Nevada Passenger Rail
The vision for passenger rail in Nevada is to develop a passenger rail system that provides the traveling public with an attractive, energy-efficient, cost-effective, and reliable alternative choice to auto, bus, and air transportation, with intermodal connectivity that enhances economic and environmentally sustainable travel within, to, and through the state.
Amtrak is the nation’s intercity passenger rail operator with 21,000 route miles in 46 states, the District of Columbia and three Canadian provinces. Amtrak operates more than 300 trains each day to more than 500 destinations. Amtrak operates one long distance train through Nevada, the California Zephyr (Chicago-Denver-Salt Lake City-Reno-San Francisco Bay Area), and operates California-supported corridor trains that provide motorcoach connections to Reno. Additionally, Amtrak operates special, seasonal trains between the San Francisco Bay Area and Reno.
“Excursion trains” refers to those chartered to run for fun or tourism.
Virginia and Truckee (V&T) Railroad
The famous V&T Railroad was organized on March 5, 1868 and connected Reno to Carson City, Virginia City and Minden. It set out to carry valuable Comstock ore to quartz reduction mills along the Carson River and bring back lumber, mining timbers and cord wood for fuel. The V&T Railroad contributed greatly to the growth of western Nevada. With revenue from the twentieth century Tonopah boom, a new V&T Railway Company was incorporated on June 24, 1905 with the purchase of the previous company and the extension of the rail line. After 80 years of continuous operation and due to competition from truck traffic on the highway, the V&T ceased revenue train operations on May 31, 1950. Today, visitors to Virginia City from all over the world can ride over three miles of the original line on the historic route from Virginia City to Gold Hill along with additional trains now departing from Carson City to Virginia City.
Carson City Convention & Visitors Bureau
Historic V&T Railroad
1900 S. Carson St. Suite #100
Carson City, NV 89701
775 - 847 - 0380
1 - 800 - NEVADA-1
Boulder City Railroad
The current Nevada Southern Railway excursion train in Boulder City, Nevada is the third by this name. The initial purpose of what is now Nevada Southern Railway was to bring people, supplies, and equipment to the site of what is now the Hoover Dam. A railroad was needed to take supplies directly to the dam construction site. In 1931, the Union Pacific constructed the rail line requiring the construction of five tunnels through the rock hills.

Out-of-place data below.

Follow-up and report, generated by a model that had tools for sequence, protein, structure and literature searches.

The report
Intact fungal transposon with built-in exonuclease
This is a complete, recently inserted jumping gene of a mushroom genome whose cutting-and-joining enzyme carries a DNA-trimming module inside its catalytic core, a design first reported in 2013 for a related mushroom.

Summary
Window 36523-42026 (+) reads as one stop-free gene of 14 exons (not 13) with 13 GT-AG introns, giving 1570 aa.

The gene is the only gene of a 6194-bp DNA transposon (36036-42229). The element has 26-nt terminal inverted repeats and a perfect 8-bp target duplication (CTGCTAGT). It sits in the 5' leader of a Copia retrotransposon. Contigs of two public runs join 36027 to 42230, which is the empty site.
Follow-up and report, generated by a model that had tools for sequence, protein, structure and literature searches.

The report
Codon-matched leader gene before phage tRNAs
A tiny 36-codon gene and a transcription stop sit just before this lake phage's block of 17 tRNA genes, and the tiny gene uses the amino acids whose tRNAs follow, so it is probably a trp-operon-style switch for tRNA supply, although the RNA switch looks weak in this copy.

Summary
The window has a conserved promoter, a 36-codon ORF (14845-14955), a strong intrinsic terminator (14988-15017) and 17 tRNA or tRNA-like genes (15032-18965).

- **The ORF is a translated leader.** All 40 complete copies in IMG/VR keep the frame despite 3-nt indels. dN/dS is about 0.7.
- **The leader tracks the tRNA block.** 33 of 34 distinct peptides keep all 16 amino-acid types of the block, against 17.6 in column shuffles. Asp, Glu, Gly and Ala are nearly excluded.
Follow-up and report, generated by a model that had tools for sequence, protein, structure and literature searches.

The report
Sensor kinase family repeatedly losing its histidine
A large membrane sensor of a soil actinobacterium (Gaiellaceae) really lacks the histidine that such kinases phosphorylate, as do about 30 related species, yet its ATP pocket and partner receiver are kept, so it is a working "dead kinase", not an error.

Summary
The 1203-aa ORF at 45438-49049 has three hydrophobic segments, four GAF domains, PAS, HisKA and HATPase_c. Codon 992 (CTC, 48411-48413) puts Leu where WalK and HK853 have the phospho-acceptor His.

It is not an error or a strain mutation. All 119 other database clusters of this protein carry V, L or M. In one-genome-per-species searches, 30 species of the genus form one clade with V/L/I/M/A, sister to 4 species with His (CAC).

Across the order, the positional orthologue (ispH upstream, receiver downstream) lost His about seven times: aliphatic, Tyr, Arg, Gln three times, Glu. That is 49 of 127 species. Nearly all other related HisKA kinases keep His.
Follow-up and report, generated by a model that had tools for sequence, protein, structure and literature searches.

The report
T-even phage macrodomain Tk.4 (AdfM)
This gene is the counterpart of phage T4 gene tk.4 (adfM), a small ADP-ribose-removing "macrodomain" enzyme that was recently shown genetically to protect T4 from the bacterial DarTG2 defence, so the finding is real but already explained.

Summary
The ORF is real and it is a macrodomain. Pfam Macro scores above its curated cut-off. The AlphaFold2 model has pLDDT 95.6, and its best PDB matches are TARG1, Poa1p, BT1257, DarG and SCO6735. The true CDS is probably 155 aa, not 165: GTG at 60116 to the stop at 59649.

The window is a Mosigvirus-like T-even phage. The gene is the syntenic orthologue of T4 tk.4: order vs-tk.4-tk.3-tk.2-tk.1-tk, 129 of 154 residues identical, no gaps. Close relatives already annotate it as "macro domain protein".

Dam construction began in 1930 and was completed in 1935. Shortly after completion of the dam, the Six Companies, Inc. Railroad branch was decommissioned and the rails removed. The railroad beds and trestle bridge were covered as the lake filled. The U.S. Government Construction Railroad was used until 1961 when the last generator was installed. The Union Pacific abandoned the portion of the line from Boulder City to Henderson in 1985 and donated the land and track to the State of Nevada for the Nevada State Railroad Museum.
The excursion train runs on the same tracks installed in 1931. The first public run was the "Santa Train" in December 2002. The name "Nevada Southern Railway" was chosen as a complement to the "Nevada Northern Railway" excursion line that runs in Ely.
Southern Nevada Railroad Museum
600 Yucca Street
Boulder City, NV 89005
Nevada Northern Railway
The restored Nevada Northern Railway, now a National Historic Landmark, takes passengers from the old depot in East Ely on excursions west to Ruth and northeast to McGill from April through January. The East Ely yard is a national historical landmark whose entire complex covers 56 acres with 70 original buildings and structures.
Built in 1906, the Nevada Northern connected the enormous copper pit mines at Ruth with the smelter on the old McGill Ranch, and then with the main line at Cobre for an overall run of nearly 150 miles. After considerable repair and restoration, the Nevada Northern began carrying passengers again in 1986.
A link between the interchange with the transcontinental railroads at Shafter, Nevada to Curry, Nevada has been opened and officials are working to open lines to once again haul ore in Northern Nevada.